Simultaneous observation of 3D chromatin organization and transcription at the single cell level and with high spatial resolution may hold the key to unveil the mechanisms regulating embryonic development, cell differentiation and even disease. We have recently developed Hi-M, a technology that allows for the sequential labelling, 3D imaging and localization of multiple genomic DNA loci together with RNA expression in single cells within whole, intact Drosophila embryos. Importantly, Hi-M enables simultaneous detection of RNA expression and chromosome organization without requiring sample unmounting and primary probe re-hybridization. Here, we provide a step-by-step protocol describing the design of probes, the preparation of samples, the stable immobilization of embryos into microfluidics chambers, and the complete procedure for image acquisition. The combined RNA/DNA fluorescence in situ hybridization procedure takes 4-5 days including embryo collection. In addition, we describe image analysis software to segment nuclei, detect genomic spots, correct for drift and produce Hi-M matrices. A typical Hi-M experiment takes 1-2 days to complete all rounds of labelling and imaging and 4 additional days for image analysis. This technology can be easily expanded to investigate cell differentiation in cultured cells, or organization of chromatin within complex tissues.
ATP-driven separation of liquid phase condensates in bacteria
B. Guilhas, J.C. Walter, J. Rech, G. David, N.-O. Walliser, J. Palmeri, C., Mathieu-Demaziere, A. Parmeggiani, J.Y. Bouet, A. Le Gall1, M. Nollmann
Liquid-liquid phase separated (LLPS) states are key to compartmentalise components in the absence of membranes, however it is unclear whether LLPS condensates are actively and specifically organized in the sub-cellular space and by which mechanisms. Here, we address this question by focusing on the ParABS DNA segregation system, composed of a centromeric-like sequence (parS), a DNA-binding protein (ParB) and a motor (ParA). We show that parS-ParB associate to form nanometer-sized, round condensates. ParB molecules diffuse rapidly within the nucleoid volume, but display confined motions when trapped inside ParB condensates. Single ParB molecules are able to rapidly diffuse between different condensates, and nucleation is strongly favoured by parS. Notably, the ParA motor is required to prevent the fusion of ParB condensates. These results describe a novel active mechanism that splits, segregates and localises non-canonical LLPS condensates in the sub-cellular space.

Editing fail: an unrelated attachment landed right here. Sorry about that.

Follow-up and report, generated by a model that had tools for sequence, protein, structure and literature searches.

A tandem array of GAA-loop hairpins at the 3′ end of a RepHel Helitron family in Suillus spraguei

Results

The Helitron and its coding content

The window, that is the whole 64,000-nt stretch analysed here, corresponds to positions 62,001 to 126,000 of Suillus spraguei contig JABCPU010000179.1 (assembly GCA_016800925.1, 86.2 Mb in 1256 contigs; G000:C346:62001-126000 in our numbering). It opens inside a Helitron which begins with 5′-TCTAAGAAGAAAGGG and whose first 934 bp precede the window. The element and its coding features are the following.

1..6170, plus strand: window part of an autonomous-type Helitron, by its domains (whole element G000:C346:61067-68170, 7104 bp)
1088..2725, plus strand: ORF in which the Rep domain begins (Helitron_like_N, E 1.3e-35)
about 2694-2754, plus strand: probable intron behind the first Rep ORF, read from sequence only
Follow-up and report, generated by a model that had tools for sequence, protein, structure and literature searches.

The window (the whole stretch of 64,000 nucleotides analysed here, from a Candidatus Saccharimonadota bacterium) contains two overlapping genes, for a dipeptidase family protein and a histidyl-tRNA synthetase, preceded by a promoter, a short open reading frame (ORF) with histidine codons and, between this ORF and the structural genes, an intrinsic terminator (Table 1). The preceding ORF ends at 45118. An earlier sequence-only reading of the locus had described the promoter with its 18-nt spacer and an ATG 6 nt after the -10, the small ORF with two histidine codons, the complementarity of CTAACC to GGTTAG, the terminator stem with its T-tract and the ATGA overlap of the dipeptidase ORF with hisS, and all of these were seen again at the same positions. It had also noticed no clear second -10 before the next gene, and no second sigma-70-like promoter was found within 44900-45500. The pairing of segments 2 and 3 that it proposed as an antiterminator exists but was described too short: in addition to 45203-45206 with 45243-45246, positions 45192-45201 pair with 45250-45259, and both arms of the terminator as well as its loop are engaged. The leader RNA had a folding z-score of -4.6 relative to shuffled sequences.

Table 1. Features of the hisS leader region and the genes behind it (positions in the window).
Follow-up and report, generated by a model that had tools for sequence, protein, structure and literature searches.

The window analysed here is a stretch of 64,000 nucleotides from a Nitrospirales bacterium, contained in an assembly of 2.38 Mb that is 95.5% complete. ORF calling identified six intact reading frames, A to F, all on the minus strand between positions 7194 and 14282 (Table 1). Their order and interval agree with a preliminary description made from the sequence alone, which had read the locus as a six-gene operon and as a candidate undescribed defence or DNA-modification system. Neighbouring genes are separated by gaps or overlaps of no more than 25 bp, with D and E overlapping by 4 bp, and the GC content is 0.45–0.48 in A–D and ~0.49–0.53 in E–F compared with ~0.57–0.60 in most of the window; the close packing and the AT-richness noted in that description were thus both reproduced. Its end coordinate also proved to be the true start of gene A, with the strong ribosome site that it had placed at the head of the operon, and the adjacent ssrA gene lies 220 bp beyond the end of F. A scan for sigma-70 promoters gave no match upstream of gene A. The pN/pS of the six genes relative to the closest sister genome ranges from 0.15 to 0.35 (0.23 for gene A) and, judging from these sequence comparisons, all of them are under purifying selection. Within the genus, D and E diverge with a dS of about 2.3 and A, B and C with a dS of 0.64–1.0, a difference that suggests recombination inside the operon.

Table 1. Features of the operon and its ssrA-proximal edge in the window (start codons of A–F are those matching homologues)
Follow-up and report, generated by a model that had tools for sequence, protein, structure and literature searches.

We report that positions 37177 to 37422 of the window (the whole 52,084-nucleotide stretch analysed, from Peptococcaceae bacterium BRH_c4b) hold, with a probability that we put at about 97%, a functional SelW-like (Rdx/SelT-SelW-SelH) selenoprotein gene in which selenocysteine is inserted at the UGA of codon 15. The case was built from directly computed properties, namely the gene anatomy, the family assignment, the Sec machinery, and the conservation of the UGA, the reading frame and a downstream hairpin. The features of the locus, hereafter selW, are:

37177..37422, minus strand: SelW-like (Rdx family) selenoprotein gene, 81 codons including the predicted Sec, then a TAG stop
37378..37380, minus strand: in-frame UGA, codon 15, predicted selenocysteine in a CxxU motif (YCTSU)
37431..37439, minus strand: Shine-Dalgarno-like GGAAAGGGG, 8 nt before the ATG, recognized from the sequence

Guilhas et al. revealed that the bacterial DNA segregation apparatus behaves as a non-canonical phase separation system. This apparatus employs an ATP-powered motor that splits nanometer-sized condensates and localizes them robustly within the nucleoid to ensure faithful transmission of genetic material.
The ability to communicate effectively with each other is one of the strongest predictors for our chances to get ahead in life. In their latest publication in Science Advances, scientists and engineers from IGF-Montpellier (CNRS, INSERM, Univ. Montpellier), IPAM platform (BioCampus Montpellier, France-Bioimaging Montpellier Node) and ARO-Israel demonstrated that this also holds true for GnRH neurons.
In humans and all vertebrates, species survival depends on a critical step during embryonic development: the migration of a small subset of GnRH neurons (about 2,000 in humans and less than 100 in fish) from the nose to the brain where they join the hypothalamus to control reproduction. Their latest results unveiled that GnRH neurons make a pause at the nose-brain frontier where they function as an inter-hemispheric network that is isolated from the rest of the brain. Only neurons that integrate into the network and are able to communicate with their neighbors will finally cross the barrier and make their way into the brain, towards their hypothalamic destination.
In other words, these GnRH neurons, that are critical for species persistence, face the same challenges like other immigrants: they must learn to communicate effectively if they are to integrate into their new world.
In this study, in vivo 2-photon microscopy was a key tool for:
Long term imaging with minimal bleaching and phototoxicity
Upright configuration enabling dorsal imaging of the fish in its natural position
Long-distance water-immersion objectives allowing imaging of deep tissue structures without sacrificing image quality
Fast calcium imaging
Imaging of red GECI using the higher wavelengths
Precise cell ablation
Photoactivation of ChR2 while monitoring Ca in the red channel